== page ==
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Ambiguity function

The ambiguity function (AF) is a two-dimensional function χ(τ, fD ) with the signal delay time τ in the filter and the Doppler frequency fD of the echo signal. It is an analytical tool for investigating the effects of target velocities on the output from a matched filter (MF). It is defined only by the characteristics of the echo pulse and the optimal filter and not by a specific target scenario.

The ambiguity function represents the response of the optimal filter both to the transmitted signal s(t), i.e., the known waveform for which the optimal filter was dimensioned, and to a received signal r(t) whose waveform was shifted by a Doppler frequency. The ambiguity function allows a statement about the suitability of a certain transmit waveform for the intended radar application..

The Optimum Filter is used to optimally determine the presence (detection) of the amplitude or location of a known waveform. It provides the best possible signal-to-noise ratio for the echo signals without a frequency shift due to the Doppler effect. The impulse response of an optimal filter is:

(1)

  • s* = conjugate complex value of the transmitted signal s;
  • T = time at which the entire energy of the signal has entered the filter;
  • t = current time

The response χ(τ) of an optimal filter to the non-doubler-shifted received signal r(t) (being as a copy of the transmitted signal in the baseband) at time t = τ is thus:

(2)

Here it was assumed in a simplified form that T = 0. If the received signal is now subject to a Doppler shift, then it has the form:

(3)

This received signal inserted into equation 2 gives the definition of the ambiguity function:

(4)

For fD = 0, the expression e⁰ = 1 and thus the ambiguity function corresponds exactly to the autocorrelation function of the signal s(t).

The optimal filter is no longer optimally tuned for this echo signal with a Doppler frequency unequal to zero. The output of the filter is now influenced by both the signal propagation time and the Doppler shift, it is distorted into a sinc-function. The Doppler shift causes a deterioration of the signal-to-noise ratio in the optimal filter. For this reason, non-optimal filters (mismatched filters, MMF) are also used in radar. The ambiguity function can be used to answer the question of which filter response is required.

Doppler in Hz
Delay in s
Ambiguity Function

Figure 1: Ambiguity function for a rectangular pulse with 2 s length (simulation with MatLab)

Doppler in Hz
Delay in s
Ambiguity Function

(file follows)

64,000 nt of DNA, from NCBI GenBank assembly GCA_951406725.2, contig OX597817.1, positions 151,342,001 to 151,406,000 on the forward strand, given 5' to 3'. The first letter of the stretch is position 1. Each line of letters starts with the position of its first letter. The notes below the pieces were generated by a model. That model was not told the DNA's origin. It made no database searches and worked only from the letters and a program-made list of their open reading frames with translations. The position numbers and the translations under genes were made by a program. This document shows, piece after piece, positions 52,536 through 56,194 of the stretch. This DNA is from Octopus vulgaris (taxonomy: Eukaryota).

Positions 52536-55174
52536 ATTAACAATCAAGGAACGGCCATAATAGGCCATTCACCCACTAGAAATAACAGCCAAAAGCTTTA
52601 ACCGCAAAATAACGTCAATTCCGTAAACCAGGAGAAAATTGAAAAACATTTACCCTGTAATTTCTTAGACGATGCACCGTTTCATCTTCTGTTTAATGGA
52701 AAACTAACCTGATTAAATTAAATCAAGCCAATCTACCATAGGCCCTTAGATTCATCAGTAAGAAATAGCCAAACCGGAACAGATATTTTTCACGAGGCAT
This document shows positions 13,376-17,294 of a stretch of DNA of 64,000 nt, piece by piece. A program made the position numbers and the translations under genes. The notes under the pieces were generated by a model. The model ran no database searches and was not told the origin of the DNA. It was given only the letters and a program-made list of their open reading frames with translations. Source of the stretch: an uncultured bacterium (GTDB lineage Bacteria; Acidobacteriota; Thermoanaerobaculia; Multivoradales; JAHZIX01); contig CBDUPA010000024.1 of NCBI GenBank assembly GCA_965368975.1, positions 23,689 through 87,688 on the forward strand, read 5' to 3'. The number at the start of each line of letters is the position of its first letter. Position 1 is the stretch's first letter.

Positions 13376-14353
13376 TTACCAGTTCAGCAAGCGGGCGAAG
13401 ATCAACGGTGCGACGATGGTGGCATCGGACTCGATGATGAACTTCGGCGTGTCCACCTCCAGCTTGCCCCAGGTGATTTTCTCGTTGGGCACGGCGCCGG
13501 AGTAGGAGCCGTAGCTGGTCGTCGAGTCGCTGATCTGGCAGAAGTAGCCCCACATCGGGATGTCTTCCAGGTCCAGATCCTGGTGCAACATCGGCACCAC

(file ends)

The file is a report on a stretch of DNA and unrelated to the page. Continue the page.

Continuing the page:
Figure 1: Ambiguity function for a rectangular pulse with 2 s length (simulation with MatLab)

Ambiguity function for a rectangular pulse

The transmit pulse shape of a classical pulse radar, i.e. a radar with a keyed on/off modulator is described by:

(5)

  • TPW = pulse width of the transmitted pulse
  • t = actual time during the pass through the filter.

The echo signal with a Doppler frequency is therefore:

(6)

The ambiguity function for the square wave pulse is then:

(7)

Delay in s
Doppler in Hz

Figure 2: Contours of the ambiguity function of an unmodulated rectangular pulse (simulation with MatLab)

Delay in s
Doppler in Hz

Figure 2: Contours of the ambiguity function of an unmodulated rectangular pulse (simulation with MatLab)

Doppler in Hz
Ambiguity in Volt

Figure 3: Ambiguity-Function, cut on the line τ = 0

Doppler in Hz
Ambiguity in Volt

Figure 3: Ambiguity-Function, cut on the line τ = 0


No numerical data can be taken from a three-dimensional representation as in Fig. 1. Therefore, two-dimensional contour representations (Figure 2) or horizontal or vertical sections are also used. A cut on the line fD = 0 would result in a triangular pulse waveform as filter response of the optimal filter. A cut on the line τ = 0 is shown in Figure 3.

Basic properties of the ambiguity function
  1. The function has the maximum value at the origin (at τ = 0 and fD = 0) and has a smaller magnitude elsewhere.
  2. The volume (see Figure 1) under the surface of the ambiguity function and the τ - fD plane is constant, and equal to one.
  3. The function is symmetrical with respect to the lines τ = 0 and fD = 0.

    (Which is why used only plots with half of the respective values sometimes, a so called “partial ambiguity function” with |τ| < TPW)